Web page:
Kent: NRL referees must stand up to cynical teams
The talk before the resumption was about integrity.
New rules, a shortened season, and whether the eventual premiers who emerged would be allowed to wear their crown proudly or would have to put up with a dreaded asterisk.
Three rounds into the resumed season and the fight in every game is such there is no question the eventual premiers will be as legitimate as any in the past 112 years.
The test now, though, is on the referees.
The good teams are already doing what everybody knew they would do. They are bending and bastardising the new rules, and the goal to make the game look more attractive, in pursuit of their own interests.
Already they are beginning to sneak ahead of the referees.
In three rounds the referees have gone from great to good to average. They are struggling to keep up with the subtlety of what the best defensive teams are doing, the hand faster than the eye.
Small tricks are slipping through.
And the coaches, in pursuit of competitive advantage, are taking advantage of the referees' goodwill and confusion.
Were those markers deliberately splitting? Or was it simply fatigue and so worthy of being overlooked?
Was that a hand on the ball that caused it to pop out? Or a loose carry?
Markers are drifting back, so far they are longer at marker. Offside players are standing in the opposition defensive line, behind the play-the-ball, corrupting the defensive structure but seemingly making it look like they were caught accidentally out of position.
Another cynical move already adopted happens once the referees spot a foul and call six again.
It is an odds-on bet that the next tackle will be the ugliest tackle ever made, slow and messy and entirely deliberate. This is the con being played on the referees.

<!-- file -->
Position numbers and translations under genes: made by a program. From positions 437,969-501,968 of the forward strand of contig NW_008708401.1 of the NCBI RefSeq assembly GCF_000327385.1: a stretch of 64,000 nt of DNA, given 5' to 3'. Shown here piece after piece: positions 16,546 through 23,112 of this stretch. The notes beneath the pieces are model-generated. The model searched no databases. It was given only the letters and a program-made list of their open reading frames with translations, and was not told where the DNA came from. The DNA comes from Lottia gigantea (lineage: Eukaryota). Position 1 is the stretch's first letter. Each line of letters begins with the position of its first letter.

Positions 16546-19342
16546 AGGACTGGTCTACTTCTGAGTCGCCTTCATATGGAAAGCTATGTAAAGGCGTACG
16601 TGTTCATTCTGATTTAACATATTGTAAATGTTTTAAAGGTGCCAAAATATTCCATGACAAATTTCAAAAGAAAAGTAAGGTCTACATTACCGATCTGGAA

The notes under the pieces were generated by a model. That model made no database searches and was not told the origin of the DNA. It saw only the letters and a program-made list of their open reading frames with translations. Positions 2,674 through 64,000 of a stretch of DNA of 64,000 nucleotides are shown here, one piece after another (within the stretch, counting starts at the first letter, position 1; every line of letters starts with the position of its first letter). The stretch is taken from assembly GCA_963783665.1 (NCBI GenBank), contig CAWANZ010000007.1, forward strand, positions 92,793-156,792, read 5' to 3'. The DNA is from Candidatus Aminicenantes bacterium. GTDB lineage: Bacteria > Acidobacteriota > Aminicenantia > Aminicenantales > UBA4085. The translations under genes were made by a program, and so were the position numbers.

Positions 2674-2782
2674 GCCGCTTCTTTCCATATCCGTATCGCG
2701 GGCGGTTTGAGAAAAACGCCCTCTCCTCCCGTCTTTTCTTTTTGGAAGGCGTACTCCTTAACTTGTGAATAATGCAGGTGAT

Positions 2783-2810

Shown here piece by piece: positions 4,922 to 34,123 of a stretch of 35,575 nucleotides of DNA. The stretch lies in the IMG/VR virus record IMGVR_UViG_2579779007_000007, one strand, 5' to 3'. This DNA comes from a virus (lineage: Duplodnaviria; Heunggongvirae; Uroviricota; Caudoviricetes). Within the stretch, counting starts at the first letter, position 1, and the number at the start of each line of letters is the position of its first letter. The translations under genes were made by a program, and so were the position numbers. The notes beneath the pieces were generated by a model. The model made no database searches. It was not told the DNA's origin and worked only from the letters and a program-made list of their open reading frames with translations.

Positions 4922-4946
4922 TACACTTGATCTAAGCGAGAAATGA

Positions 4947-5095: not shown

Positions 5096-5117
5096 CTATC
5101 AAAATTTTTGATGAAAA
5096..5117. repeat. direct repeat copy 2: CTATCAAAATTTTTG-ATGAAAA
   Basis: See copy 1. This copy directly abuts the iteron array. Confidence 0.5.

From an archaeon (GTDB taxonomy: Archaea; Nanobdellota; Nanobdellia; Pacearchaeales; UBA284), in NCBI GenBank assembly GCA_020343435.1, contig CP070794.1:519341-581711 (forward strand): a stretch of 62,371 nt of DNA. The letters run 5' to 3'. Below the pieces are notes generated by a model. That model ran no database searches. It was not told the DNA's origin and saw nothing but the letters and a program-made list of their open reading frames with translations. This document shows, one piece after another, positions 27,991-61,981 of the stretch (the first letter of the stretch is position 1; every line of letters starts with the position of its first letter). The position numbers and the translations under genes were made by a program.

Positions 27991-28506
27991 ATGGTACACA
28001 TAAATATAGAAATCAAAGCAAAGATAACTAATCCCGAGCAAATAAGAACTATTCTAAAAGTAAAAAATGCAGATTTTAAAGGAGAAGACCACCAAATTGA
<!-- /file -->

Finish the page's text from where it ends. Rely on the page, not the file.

All teams are concerned with at this point is maintaining the integrity of their defensive line. They see no great suffering giving away a second six again - immediately after another - if it allows them to get their defensive line in order.
Plus, they are taking the odds to it.
Fear of criticism often means the referee won't call the second six again.
Referees boss Bernie Sutton was walking into a 3pm meeting with his referees on Monday afternoon, already aware all this was going on, his job now to fix it.
"We have got to make sure that we are ahead of it," Sutton was saying.
"Any cynical stuff, depending on the game situation, we need to make sure we are really strong."
Felise Kaufusi should have been sin-binned when he knocked the ball free on Saturday night.
It was a professional foul in every sense.
Yet it was almost so blatant it caught the referee by surprise.
Saturday's win for Melbourne over Newcastle was as simple as the difference between a well-grooved team, with years of continuity, and a team still learning to understand its defensive systems.
Melbourne adjusted defensively and Newcastle tried. They both tried to defend the same way.
Parramatta have shown a solid understanding of the rules since the season resumed, getting off their defensive line often so quickly that they are there to meet the ballrunner at the advantage line.
Every team is exploring ways to exploit the new rules, some more effective than others.
As well as double up fouls straight after a six again, teams are still waiting for the referee to call held before they take the ball-carrier to the ground, the third man is still joining the tackle after the referee has called held, hands are still all over the ball and some players are still laying on tackled runners long enough to roll a cigarette.
They are jumping the line early while the referee watches the ruck.
Teams are splitting at marker, aware that the markers don't come under the jurisdiction for a six again call.
All are ploys, seemingly innocent, designed to slow the play-the-ball down and win the battle at the ruck.
The problem for the referees is the unspoken directive. Head office, basking on the praise of the faster, more free flowing game the rule changes have encouraged, naturally favours a game where fewer penalties, and so fewer stoppages, are blown.
It will undo all the praise, so what's the odd slow tackle …?
The answer, if nothing changes, is it will slowly go back to what it was, despite the overwhelming support the game has received under this new crackdown.
The solution is not a popular one but is already necessary.
It is time to start putting players in the sin bin for professional fouls.
Coaches will wear a penalty, because it will at least allow them to reset their defensive line.
A sin bin puts them at a distinct disadvantage, though, and so will be avoided at all costs.
Originally published as Kent: NRL referees must stand up to cynical teams